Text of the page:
The divine is the unborn Eternal who has no origin.  There is and can be nothing before him from which he proceeds, because he is one, timeless, and absolute.  At the same time, the divine transcendence is not an absolute which is empty of all relation to the Universe.  All cosmic relations derive from this Supreme; all cosmic existences return to it and find in it alone their true and immeasurable existence.

The gods [Devas] are spiritual forms of the eternal and original Deity.  They descend from him into the many processes of the world.  Nothing is independently created here.  Everything finds its origin and will to be in the absolute and supreme God.

Swami Shivananda:

Krishna is saying in so many words...

Not only am I the source of all the gods and sages, but I am also their inner ruler and the dispenser, ordainer, and guide of their intelligence.

Paramahansa Yogananda:

Even such exalted beings as Devas and Rishis are obliged to work in harmony with the Cosmic Mother to whom the Lord has given full power over the phenomenal worlds.  The beam of light from a motion picture projector produces no images on the screen unless it passes through forms on film.  Similarly, the sole Reality has no form without the presence of the variegated vibratory film of Maya, the principle of duality that divides the indivisible and through cosmic vibration projects forms on the screen of time and space.

Wednesday, October 22, 2014

X:1

Chapter 10, Verse 1

"Listen further, O Warrior,
And hearken to my supreme word,
Which I tell you for your greatest good,
Since your heart delights in the telling."

Father Bede Griffiths:

This glory is Krishna's highest word.  It consists of the revelation of the personal God who is known only to those who find their joy in him.

Sri Aurobindo:

We have now come to the inmost kernel of Krishna's Yoga, the living and breathing center of the teaching.  We now see that the ascent of the soul, when it withdraws from the egoic nature into the immutable Self, which is calm, silent and stable, is only a preliminary step.

Now, too, we can see why Krishna speaks always of himself as of some great, omnipresent, Supreme Being, Lord of all the worlds and Master of the human soul, abiding forever and unmoved forever by the appearances of the natural Universe.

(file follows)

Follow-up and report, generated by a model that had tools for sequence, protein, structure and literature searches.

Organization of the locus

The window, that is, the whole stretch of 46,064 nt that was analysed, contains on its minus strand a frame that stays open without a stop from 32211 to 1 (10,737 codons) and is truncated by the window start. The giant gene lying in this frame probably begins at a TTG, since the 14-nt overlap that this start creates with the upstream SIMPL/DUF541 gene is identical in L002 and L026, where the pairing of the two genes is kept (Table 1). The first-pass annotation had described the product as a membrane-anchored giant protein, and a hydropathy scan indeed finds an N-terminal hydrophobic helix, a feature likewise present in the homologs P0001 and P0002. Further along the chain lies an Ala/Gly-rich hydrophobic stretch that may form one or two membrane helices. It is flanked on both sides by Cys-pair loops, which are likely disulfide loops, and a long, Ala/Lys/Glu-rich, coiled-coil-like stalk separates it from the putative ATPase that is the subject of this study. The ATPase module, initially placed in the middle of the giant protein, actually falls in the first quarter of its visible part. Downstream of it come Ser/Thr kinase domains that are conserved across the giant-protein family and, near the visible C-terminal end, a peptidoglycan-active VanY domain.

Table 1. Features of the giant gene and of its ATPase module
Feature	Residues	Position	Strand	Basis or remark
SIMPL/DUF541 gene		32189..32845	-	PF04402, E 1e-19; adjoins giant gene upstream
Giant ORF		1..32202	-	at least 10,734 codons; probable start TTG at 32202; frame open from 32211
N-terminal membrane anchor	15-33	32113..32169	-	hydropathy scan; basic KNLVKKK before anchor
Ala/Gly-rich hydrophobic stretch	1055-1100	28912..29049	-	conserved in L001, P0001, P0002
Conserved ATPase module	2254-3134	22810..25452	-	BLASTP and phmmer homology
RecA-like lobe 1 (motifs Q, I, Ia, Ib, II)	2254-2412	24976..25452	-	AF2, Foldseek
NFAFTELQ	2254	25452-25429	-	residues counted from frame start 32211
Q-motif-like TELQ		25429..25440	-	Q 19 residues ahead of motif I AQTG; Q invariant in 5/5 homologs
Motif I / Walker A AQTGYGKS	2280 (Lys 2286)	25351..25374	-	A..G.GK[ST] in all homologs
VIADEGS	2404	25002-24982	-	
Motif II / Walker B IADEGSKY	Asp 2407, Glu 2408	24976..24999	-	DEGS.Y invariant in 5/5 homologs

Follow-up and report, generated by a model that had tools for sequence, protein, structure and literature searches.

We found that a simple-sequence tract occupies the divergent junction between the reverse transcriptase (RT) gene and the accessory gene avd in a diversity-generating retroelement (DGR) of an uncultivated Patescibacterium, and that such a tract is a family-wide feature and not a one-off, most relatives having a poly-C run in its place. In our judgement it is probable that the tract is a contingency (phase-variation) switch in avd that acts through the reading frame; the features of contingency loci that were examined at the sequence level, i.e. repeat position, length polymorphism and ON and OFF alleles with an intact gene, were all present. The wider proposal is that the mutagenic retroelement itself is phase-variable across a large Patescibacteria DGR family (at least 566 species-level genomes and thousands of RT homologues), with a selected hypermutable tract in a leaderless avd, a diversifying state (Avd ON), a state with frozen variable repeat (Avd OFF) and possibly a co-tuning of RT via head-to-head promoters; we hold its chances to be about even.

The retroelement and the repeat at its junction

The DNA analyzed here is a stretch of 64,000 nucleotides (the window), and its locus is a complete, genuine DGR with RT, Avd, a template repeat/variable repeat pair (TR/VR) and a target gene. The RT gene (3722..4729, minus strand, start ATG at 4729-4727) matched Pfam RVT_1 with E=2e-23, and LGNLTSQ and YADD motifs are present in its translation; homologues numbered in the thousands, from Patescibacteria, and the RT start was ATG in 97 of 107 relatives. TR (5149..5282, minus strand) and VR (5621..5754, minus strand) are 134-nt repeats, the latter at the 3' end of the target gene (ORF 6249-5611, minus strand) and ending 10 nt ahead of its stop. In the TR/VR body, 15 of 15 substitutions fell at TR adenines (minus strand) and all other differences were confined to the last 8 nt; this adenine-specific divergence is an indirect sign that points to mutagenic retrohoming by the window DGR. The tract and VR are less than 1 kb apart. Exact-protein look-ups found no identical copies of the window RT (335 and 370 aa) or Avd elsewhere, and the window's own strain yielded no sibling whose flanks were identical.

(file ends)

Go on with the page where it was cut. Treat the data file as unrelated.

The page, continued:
Humans approach the Infinite through the finite mind, seeking for some conception upon which the mind may seize.  Some face of that infinite truth is sought, so that by attaching themselves to it, they can arrive through direct experience to the immeasurable reality that it figures.  However narrow the gate, they are satisfied if it offers a way into the wideness which beckons them.  As they approach it, so it receives them.

A passive, relationless identity excludes the joy of adoration and devotion, but Bhakti is the very heart and summit of this richer, more complete and intimate union.  The delight of the heart in God is the essence of true Bhakti.

To make it clear that this is the entire truth of his teaching, Krishna declares in a reiteration of all that he has been saying that this is his supreme word.

Srila Prabhupada:

The more one hears about Krishna, the more one becomes fixed in devotional service.  Discourses among the community of devotees is effective only where there are those who really long to be Krishna conscious.

Wednesday, October 15, 2014

IX: 34

Chapter 9, Verse 34

"Think of me constantly,
Fill your heart with my presence,
Become steady on your path,
And you will come unto me."

Sri Aurobindo:

Love of the world, the mask, changes into the love of Krishna, the truth.  Once this secret of the Self is known and embraced, your whole being and your whole life will be uplifted.  In place of the ignorance of the egoic nature absorbed in its own outward works and appearances, your eye will open to the vision of Krishna everywhere, and to the unity and universality of Spirit.  Your weakness and error will be transformed into the all-embracing strength, truth, and purity of the stainless Krishna.